Attention deficit hyperactivity disorder (ADHD) is a neurodevelopmental disorder characterized by hyperactivity, impulsivity, and inattention (difficulty paying attention). This condition may seem at odds with narcolepsy — a sleep disorder characterized by excessive daytime sleepiness and hypersomnia, among other symptoms. However, the two conditions appear to be related. In fact, studies have found a high prevalence of ADHD among people with narcolepsy — as high as 30 percent.
Here, we will explore the connection between ADHD and narcolepsy, including similarities and differences in their symptoms and treatments. If you believe you may have ADHD with narcolepsy, talk to your health care provider. They will be able to help determine the cause of your symptoms and work with you to find the best course of treatment.
ADHD is a chronic psychiatric disorder that affects an estimated 7.2 percent of adults worldwide. ADHD may cause a person to have difficulty paying attention and controlling impulsive behaviors. A person with ADHD may also be overly active (hyperactive).
Signs of ADHD include:
ADHD often begins in childhood and persists into adulthood. However, in some people, the disorder is not diagnosed until adulthood. It may be challenging to recognize ADHD in adults, as the characteristic symptoms of the disorder — such as hyperactivity — may be less pronounced. ADHD symptoms may also lessen as a person ages, or a person may learn to manage their symptoms with medication and coping strategies.
Adults with narcolepsy are two times more likely to have been diagnosed with ADHD in childhood than the general population. One study of children with narcolepsy found that as many as 15 percent of children with type 1 narcolepsy (with cataplexy) and 30 percent of children with type 2 narcolepsy (without cataplexy) had symptoms of ADHD. The symptoms of ADHD and narcolepsy can even overlap, potentially leading to misdiagnosis.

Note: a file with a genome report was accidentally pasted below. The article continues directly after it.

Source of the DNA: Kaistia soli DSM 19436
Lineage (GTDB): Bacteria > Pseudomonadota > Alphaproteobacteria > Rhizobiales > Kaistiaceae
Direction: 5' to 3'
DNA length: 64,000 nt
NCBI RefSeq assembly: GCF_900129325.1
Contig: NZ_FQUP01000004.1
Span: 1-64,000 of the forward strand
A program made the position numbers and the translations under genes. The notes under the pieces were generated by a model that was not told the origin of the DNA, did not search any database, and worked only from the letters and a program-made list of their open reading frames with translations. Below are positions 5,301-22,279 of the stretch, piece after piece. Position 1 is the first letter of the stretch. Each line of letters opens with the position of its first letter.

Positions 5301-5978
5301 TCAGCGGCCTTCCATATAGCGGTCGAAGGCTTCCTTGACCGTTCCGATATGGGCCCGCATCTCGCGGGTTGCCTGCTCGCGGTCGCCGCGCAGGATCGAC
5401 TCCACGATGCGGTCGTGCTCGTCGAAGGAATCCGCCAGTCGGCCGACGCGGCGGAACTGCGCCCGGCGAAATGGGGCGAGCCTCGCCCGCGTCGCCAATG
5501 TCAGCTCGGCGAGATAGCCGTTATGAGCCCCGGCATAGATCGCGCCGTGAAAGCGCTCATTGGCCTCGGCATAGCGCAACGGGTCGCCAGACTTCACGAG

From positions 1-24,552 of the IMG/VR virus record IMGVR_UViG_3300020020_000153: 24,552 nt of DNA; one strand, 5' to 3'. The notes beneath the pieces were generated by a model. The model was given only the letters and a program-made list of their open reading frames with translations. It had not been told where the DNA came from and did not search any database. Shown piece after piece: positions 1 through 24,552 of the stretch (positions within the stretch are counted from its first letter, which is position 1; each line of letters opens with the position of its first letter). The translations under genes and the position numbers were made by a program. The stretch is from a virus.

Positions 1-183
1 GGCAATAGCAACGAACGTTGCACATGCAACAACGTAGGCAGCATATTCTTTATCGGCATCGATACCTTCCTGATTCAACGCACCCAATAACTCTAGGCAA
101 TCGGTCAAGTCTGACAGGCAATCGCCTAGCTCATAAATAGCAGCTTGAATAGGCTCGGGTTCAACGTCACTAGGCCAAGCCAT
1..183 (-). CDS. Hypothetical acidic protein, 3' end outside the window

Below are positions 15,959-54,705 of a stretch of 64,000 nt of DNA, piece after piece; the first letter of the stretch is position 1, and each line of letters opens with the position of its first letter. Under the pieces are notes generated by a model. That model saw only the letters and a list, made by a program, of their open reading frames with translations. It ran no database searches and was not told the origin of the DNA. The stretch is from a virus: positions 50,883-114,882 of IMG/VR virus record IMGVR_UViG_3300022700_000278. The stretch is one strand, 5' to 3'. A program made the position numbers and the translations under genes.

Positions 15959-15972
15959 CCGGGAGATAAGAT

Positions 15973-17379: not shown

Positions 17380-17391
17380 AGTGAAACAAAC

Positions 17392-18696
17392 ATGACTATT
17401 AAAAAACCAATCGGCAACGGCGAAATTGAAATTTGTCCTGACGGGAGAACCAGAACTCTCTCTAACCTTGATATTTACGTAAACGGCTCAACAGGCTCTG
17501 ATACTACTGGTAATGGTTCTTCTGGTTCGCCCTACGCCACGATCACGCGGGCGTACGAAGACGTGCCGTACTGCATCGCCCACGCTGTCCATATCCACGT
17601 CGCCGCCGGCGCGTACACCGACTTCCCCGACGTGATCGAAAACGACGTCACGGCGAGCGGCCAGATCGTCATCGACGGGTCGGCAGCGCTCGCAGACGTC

Researchers have suggested several potential causes of the comorbidity between ADHD and narcolepsy. Genetic analysis has revealed that iron metabolism, dopamine signaling, the immune system, and nervous system cells called glial cells are involved in both narcolepsy and ADHD.
One possible explanation for the link between narcolepsy and ADHD is that the two share common pathways in the brain. Researchers have posited that ADHD results from problems regulating the neurotransmitter dopamine and the hormone noradrenaline. Noradrenaline dysregulation, in particular, can affect the rapid eye movement (REM) phase of sleep, similarly to the way REM sleep is impacted in people with narcolepsy. Medications used to treat ADHD also target the neurotransmitters used by the brain cells involved in REM sleep.
Studies have found that low iron levels in the blood are associated with both ADHD and narcolepsy. Having lower iron levels has also been found to increase the severity of the symptoms of narcolepsy or ADHD.
Researchers have suggested that there may be a genetic link between ADHD and narcolepsy. Studies have found that some people with ADHD and excessive daytime sleepiness have a shorter REM latency (time to reach the first phase of REM sleep after sleep onset) and even meet the diagnostic criteria for type 2 narcolepsy. These people often lack a specific genetic trait seen in people with type 1 narcolepsy — and in some people with type 2 narcolepsy who don’t have ADHD. This finding suggests that people with ADHD and excessive daytime sleepiness could be considered to have a unique form of type 2 narcolepsy.